The second assignment we were given in the Intro to Creative Writing class last term was to write a personal memoir. We were given a limited word count (which I went over) but I did the best I could in the allotted length. I’ll let the story speak for itself.
The moment I shut off the ignition in my manual-transmission, white Toyota Matrix, the summer heat began to permeate the dark gray interior, no longer held at bay by the blasting air conditioner. I clicked the ignition to accessory long enough to put all four power windows down and then turned around to look into the backseat. My two daughters were sitting there looking back at me in curiosity as the afternoon sun shone through the windows. Jordan is the oldest with long brown hair and dark thoughtful eyes, and Jaycie is the youngest with shoulder-length blond hair and bright blue eyes. If I hadn’t given birth to both of them, I wouldn’t believe they’re sisters.
I turned from my daughters to look out the opening of the front passenger window. My eyes met the sight of the family home I lived in until I was 13. I had wanted to show my daughters that house for several years and I’d taken advantage of the warm summer day to do so finally. As the girls still live in their childhood home (my ex’s house) for half the week, they don’t understand what it is to have to move away from the place they’ve known as home since they were babies. I know that feeling and I always yearned to be back in my childhood home because life was so much simpler when I lived there with my family.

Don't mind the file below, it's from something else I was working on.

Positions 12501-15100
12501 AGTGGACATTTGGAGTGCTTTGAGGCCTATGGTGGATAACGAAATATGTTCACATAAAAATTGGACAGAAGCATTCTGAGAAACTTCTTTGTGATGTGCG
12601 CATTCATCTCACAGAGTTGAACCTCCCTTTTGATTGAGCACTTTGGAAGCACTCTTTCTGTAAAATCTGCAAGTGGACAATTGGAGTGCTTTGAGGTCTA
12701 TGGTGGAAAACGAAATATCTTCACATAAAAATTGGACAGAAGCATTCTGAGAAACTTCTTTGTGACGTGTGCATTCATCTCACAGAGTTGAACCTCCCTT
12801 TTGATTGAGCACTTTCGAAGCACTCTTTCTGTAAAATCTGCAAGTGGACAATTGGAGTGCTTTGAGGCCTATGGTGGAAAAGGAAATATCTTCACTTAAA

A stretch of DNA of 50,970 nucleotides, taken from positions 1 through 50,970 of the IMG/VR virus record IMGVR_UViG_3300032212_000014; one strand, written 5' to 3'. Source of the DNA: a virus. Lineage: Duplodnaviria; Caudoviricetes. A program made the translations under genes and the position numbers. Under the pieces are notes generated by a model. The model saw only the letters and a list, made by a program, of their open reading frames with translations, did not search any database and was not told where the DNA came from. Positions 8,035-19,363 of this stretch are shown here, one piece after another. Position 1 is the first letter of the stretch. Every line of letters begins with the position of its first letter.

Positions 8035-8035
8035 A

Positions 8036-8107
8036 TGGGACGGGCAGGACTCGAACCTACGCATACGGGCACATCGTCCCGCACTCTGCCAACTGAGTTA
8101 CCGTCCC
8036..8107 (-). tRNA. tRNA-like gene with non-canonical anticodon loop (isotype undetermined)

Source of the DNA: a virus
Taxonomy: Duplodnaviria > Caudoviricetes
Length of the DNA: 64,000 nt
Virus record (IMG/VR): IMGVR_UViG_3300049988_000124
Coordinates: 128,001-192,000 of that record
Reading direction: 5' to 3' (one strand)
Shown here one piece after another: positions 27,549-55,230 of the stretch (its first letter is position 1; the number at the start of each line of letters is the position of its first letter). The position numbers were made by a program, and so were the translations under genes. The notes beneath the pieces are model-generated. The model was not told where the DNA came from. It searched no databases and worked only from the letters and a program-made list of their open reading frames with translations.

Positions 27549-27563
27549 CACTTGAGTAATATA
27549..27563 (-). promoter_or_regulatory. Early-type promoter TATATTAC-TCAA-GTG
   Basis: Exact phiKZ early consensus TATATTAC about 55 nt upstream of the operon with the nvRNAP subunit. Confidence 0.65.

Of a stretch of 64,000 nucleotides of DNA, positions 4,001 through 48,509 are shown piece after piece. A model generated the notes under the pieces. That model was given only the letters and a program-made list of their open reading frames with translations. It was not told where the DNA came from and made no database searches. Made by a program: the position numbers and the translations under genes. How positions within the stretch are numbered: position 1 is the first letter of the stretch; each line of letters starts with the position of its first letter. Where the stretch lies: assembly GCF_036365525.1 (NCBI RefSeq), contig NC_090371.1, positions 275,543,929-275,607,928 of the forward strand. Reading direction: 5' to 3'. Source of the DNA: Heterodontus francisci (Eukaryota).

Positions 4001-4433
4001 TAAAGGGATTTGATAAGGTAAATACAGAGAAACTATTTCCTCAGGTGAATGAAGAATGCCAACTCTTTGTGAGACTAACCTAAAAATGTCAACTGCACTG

The house was pea soup green when I lived there 24 years ago, but one of the newer owners had covered it with boring beige siding. The bushes that used to be under the front bedroom windows were gone, but it was something beneath them that interested me. My father built a retaining rock wall at the end of those bushes when I was little and my brothers and I all pressed our hands into the wet cement when he was finished. I went to my childhood house that summer day because I had to know if any of those handprints remained. I wanted to touch that part of my past and reunite with a piece of my father’s spirit.
Jordan didn’t want to get out of the car so I left the two back doors open to let the breeze through as Jaycie and I walked hand-in-hand into the yard. It was late morning on a weekday so the current owners weren’t home. I led Jaycie to where I remembered the rock wall being and was delighted to see that most of it remained, though grass and ground cover had grown over it. With Jaycie standing by watching, I knelt in the warm grass, pushed back the encroaching growth, and smiled when I saw that a long fragment of the cement base was intact.
With the grass pushed back, I could make out one handprint in the cement, but I didn’t know whose handprint it was. Regardless, I pressed my adult hand into that print and discovered that my palm fit perfectly in the indent while my fingers extended well beyond those childhood fingers. Elation filled me. I’d finally done it! I’d finally come back home to that rock wall my father built and reconnected with my past. My father’s work remained and knowing that, I felt able to move forward with my life without looking back toward a home that didn’t belong to me anymore.